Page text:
“You have got to be out of your mind” was a sentence Isabella was getting used to hearing. Friend after friend rolled her eyes as she told them of her plans. Isabella was 80 years old, for God’s sake, and no amount of eye rolling was going to dissuade her. Even if her friends were moving into assisted living facilities, she was building a new home in Montecito and giving it to her favorite charity. No strings attached.
Although her friends told her that the move and overseeing the construction would be the death of her, Isabella out lived the friends that poo pooed her philanthropic adventure. She lived a happy, healthy life in her Monetico home for 10 years. Her vision, spirit and wish to remain an anonymous live on since her home is now used as a retreat center.
Volunteering is good for you. Science is beginning to discover that are concrete physical, and emotional benefits to giving to others. Perhaps, you have a vague notion that volunteering is “good for the soul” but have little, if any, concrete evidence that philanthropy could be good for your health. In More Give to Live, Douglas Lawson cites research that shows how helping others leads to enhanced health and emotional well-being. Numerous studies report that those involved in ongoing volunteer programs have an enhanced immune system, improved cardiovascular circulation as well as better sleep patterns. Emotionally those involved in philanthropic work sense of control over one’s life and circumstances, increased ability to cope with crisis as well as stronger feelings of personal satisfaction, compassion and empathy.
The Helper’s High.
You may have just had a brush with ‘Helper’s High’ yourself.
How do you feel when you finish a long run or a tough workout? Until the pain sinks in you probably feel fantastic. Strenuous exercise releases endorphins. That release creates an elated feeling known as the runners high. Have you ever left a day of working with your favorite good cause with more energy than you began with? That could be due to a similar endorphin response.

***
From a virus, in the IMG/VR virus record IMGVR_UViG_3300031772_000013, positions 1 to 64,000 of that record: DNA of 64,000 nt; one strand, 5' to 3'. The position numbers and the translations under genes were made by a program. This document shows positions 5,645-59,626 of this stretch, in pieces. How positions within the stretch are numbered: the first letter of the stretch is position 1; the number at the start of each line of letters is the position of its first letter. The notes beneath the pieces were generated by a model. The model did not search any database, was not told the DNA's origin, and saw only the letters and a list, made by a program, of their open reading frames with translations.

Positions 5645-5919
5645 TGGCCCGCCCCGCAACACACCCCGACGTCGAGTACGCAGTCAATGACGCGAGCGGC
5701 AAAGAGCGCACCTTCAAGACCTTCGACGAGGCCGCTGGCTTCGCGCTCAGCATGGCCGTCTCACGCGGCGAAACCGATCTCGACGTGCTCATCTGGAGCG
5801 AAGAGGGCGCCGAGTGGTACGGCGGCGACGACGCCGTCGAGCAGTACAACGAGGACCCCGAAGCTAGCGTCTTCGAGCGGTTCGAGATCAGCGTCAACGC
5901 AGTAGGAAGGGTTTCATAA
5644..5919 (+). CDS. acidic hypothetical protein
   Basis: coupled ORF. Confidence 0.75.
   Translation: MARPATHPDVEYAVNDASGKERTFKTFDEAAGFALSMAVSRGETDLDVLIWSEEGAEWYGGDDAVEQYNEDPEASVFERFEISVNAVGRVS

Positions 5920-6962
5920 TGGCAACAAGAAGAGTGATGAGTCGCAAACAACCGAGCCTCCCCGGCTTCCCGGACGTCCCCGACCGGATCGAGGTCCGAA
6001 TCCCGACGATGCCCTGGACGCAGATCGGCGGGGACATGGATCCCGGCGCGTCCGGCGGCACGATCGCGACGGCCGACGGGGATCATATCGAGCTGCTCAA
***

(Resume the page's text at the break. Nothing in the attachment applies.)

A charity in New York City recently conducted a survey of 3,300 volunteers. Many experienced feelings of euphoria while being involved in their service project. The volunteers compared the experience to the runner's high - when a person runs and exerts, but instead of feeling more stressed, one feels more relaxed and joyous.
Giving makes you feel better. It may be a key factor in living longer as well. Dr. Stephanie Brown and her colleagues at the Institute for Social Research at the University of Michigan conducted an important study recently. Dr. Brown discovered and her team tracked 423 older couples over a 5 year period. The people who reported giving no support to others were more than twice as likely to die during the five years of the study as those who helped others. The simple act of giving to neighbors, a spouse, relative or friends gave people a 50% better chance of living longer. Her study gives clear evidence that giving is good for your health.